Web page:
The parishioners practice what they preach at St. Aloysius. With the St. Al’s Block Party after Sunday Mass earlier today, the teaching of Isiah 58:7, “Is it not to deal thy bread to the hungry, and that thou bring the poor that are cast out to thy house?” was not forgotten. Several parishioners volunteered to cook and serve a barbecue for everyone who came to the temporarily closed-off stretch of Washington Boulevard, including several homeless people.
“It’s not just for the church, it’s for the people of the neighborhood,” explained Jennifer Brunner, a registered nurse who measured blood pressure at the health screening tent that was set up near State Street, across the way from the grill. Opposite the hot dog serving tent, young Ciara McClimet served ice cream. “It’s good for our kids,” Meghan McClimet said of the parish. The McClimets live in Novi now, but drive to St. Aloysius for Mass every Sunday.
A little further north on Washington Boulevard, a keyboard and drums were set up in another tent as several bands from the Detroit School of Pop and Rock played. “I was walking my dog,” Jade Mauricio recalled when she noticed the music tent. Mauricio took her dog home and came back with her friends, and grooved to the music of the band Happy Hour, among others.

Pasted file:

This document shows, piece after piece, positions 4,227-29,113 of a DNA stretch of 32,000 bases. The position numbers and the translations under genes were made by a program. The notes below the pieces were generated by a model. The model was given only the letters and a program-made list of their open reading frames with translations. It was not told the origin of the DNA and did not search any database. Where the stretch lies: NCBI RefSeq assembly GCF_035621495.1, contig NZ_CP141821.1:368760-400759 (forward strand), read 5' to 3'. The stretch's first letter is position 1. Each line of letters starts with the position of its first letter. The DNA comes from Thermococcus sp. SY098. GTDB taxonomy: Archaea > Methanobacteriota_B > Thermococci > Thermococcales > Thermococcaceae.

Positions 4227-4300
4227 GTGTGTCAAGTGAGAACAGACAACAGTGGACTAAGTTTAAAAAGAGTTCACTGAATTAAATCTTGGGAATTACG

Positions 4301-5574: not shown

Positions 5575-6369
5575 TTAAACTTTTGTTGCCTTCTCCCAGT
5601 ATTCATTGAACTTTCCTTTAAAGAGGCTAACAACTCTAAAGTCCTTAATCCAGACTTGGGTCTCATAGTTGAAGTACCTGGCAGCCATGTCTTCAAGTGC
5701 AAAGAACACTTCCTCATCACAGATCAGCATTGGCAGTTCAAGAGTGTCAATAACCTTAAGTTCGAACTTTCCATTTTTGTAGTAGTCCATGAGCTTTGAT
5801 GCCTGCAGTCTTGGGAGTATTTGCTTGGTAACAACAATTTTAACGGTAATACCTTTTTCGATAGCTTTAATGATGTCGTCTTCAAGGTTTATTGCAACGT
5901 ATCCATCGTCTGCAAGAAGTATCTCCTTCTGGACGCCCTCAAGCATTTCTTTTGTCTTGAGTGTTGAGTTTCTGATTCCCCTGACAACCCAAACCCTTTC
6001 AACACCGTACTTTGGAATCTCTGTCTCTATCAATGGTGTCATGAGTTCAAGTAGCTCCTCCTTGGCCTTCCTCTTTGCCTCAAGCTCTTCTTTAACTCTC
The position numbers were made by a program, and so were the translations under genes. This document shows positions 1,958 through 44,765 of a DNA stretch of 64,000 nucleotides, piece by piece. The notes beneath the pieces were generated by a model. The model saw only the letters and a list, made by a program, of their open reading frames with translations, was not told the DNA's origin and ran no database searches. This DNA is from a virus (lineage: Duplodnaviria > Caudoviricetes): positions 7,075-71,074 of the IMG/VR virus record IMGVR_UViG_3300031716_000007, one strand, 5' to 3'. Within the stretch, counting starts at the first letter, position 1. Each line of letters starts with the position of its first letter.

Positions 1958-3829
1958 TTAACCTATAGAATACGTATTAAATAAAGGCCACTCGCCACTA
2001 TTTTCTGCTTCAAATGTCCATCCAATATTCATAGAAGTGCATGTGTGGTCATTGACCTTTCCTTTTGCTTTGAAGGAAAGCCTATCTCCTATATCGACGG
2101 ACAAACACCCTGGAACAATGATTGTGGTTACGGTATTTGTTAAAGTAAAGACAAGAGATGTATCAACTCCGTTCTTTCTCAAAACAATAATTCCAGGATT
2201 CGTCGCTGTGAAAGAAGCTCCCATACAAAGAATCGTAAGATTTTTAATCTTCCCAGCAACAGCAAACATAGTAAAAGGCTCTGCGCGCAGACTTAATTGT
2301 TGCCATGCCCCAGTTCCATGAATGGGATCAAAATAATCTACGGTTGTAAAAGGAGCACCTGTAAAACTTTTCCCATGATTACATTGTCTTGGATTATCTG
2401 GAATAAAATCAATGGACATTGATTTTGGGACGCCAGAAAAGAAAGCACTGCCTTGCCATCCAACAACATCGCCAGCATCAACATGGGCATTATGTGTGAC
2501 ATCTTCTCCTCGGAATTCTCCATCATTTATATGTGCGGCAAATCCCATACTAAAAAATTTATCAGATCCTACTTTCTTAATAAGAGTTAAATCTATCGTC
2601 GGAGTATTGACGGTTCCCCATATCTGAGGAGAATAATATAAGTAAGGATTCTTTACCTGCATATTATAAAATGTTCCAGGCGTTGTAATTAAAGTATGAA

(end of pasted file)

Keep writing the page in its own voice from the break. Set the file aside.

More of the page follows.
The church is named after St. Aloysius, the patron saint of the young. St. Aloysius was born to a wealthy family, but, taking to heart the biblical mandate to serve the poor, gave up his wealth and title to devote himself to the church. When a plague broke out in Italy in 1597, he tended to the poor and hungry despite his own delicate health, leading to his death, according to the Catholic Encyclopedia.